Small Towns

Road Island Diner: Serving Nostalgia in Oakley, UT

The Road Island Diner in Oakley, Utah offers delicious meals and a a memorable atmosphere.


road island diner utah
Petery Cameron, owner of Road Island Diner

Past Jordanelle Reservoir on the way to Kamas is the blink-and-you’ll-miss-it mountain town of Oakley, Utah. The aptly-named Oakley earned its moniker from the thick covering of oaks in the nearby canyon. The town includes older and homey dwellings, and newer, mega-sized homes as well. The town also boasts ample recreational facilities. The Weber River runs through the community, and here the city-dweller’s conception of escape is status quo daily living.

Ron Bowen has lived in Oakley for 40-plus years and is a member of the city council. He acknowledges that there are no real jobs in town, but adds, “Oakley is a perfect place to live. People come here looking for a small town lifestyle and they are willing to commute for work.” And, it is a swell place to raise kids. The town has invested in their youth with a recreation facility, softball, soccer and skateboard parks as well as indoor and outdoor arenas.

Many people venture to Oakley to experience the Road Island Diner which serves up old-time dining and atmosphere. The Road Island is an authentic fabrication of the Jerry O’Mahony Company that made streamlined dining cars between 1932-1941. Displayed at the 1939 New York World’s Fair and then moved to Fall Rivers, Mass., and Middletown, Rhode Island, the diner subsequently found its way to Oakley.

Three years ago, Petey Cameron started working as a Road Island Diner server and is now buying the diner and making some interior updates. He recalls, “I was out driving and saw the place, stopped for a cup of coffee and never left.” His first experience serving in the diner was a crazy July night right before the Oakley Rodeo.

All the servers have diner name tags that are time-period appropriate like Mabel and Flo. When Petey started working there one of the available tags was “Petey.” He snatched it up since it matched his middle name and it has been his ever since. The period names compliment the period decor. Fully restored from old photos, the goal was to return the diner to its original 1939 condition with green Italian marble counter tops and original floor tile. To step inside is also to step back in time.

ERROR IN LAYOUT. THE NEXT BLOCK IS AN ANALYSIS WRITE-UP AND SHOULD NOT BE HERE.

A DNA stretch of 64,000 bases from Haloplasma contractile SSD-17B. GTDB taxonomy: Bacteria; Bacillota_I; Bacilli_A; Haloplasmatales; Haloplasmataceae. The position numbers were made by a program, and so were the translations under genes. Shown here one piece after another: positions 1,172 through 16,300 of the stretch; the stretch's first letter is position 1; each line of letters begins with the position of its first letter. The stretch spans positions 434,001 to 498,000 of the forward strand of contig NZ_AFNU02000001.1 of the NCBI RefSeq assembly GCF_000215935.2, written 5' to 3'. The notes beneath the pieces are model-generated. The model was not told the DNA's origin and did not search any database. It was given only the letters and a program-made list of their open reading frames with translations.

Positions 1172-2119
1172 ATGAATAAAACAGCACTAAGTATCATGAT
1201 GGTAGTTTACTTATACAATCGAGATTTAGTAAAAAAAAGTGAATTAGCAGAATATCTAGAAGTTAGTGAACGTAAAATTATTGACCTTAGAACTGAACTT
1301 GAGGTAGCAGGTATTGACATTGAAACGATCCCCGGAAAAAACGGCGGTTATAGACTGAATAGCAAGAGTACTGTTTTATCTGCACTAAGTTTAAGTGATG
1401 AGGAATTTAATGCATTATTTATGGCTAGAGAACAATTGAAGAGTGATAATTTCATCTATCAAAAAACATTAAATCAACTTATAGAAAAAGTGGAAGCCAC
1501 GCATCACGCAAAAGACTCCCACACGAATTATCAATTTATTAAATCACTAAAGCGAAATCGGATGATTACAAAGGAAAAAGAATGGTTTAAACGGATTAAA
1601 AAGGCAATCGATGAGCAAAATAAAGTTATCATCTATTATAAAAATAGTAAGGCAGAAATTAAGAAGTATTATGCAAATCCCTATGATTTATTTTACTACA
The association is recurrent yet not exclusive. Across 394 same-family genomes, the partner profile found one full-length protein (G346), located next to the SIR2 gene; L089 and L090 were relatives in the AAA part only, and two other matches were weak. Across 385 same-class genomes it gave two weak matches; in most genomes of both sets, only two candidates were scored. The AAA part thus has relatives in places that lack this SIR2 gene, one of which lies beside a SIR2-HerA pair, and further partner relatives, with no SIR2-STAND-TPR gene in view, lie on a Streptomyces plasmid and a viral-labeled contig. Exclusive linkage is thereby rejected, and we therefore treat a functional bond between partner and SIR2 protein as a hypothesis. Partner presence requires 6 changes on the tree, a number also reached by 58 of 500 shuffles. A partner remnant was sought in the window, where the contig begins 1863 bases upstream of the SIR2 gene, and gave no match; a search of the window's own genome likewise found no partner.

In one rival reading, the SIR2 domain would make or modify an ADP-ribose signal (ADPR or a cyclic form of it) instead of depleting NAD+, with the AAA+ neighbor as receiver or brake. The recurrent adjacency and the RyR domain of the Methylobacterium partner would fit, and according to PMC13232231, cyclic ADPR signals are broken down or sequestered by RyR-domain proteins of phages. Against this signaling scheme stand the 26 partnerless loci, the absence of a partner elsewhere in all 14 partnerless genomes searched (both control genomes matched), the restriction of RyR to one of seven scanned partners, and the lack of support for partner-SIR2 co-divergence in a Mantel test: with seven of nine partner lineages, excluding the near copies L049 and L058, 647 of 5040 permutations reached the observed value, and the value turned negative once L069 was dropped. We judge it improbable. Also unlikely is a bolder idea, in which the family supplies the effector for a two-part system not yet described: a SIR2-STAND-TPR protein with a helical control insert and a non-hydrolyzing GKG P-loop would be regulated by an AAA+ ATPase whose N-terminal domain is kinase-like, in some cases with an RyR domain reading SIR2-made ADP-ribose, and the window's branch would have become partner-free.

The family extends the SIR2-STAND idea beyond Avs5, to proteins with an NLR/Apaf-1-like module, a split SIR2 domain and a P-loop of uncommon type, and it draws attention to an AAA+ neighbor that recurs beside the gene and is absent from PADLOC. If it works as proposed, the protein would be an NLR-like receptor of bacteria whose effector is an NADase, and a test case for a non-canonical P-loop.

The Road Island Diner’s menu is delicious and satisfying, serving smoked salmon sandwiches and “award winning” meatloaf. Petey says that people come from all over to sample the entrees and homemade pies.

Another big draw in Oakley is the 4th of July weekend rodeo. Ron Bowen says, “It started over 70 years ago and was real small and local. The rodeo was held in a meadow roped off with a snow fence.” From there it’s grown to a national PRCA rodeo that draws top-name cowboys from all over the country. There is a specially built arena that seats 6,000 people and they generally sell out each night of the four-night event.

Incorporated in 1934 to complete a WPA water project, Oakley has since grown to a population of around 1,500 and lifelong residents have had to cope with the growth which is not always easy to do. Dealing with change requires adjustment and as one longtime resident said, “I’m not sure I like all these movie stars moving in.”


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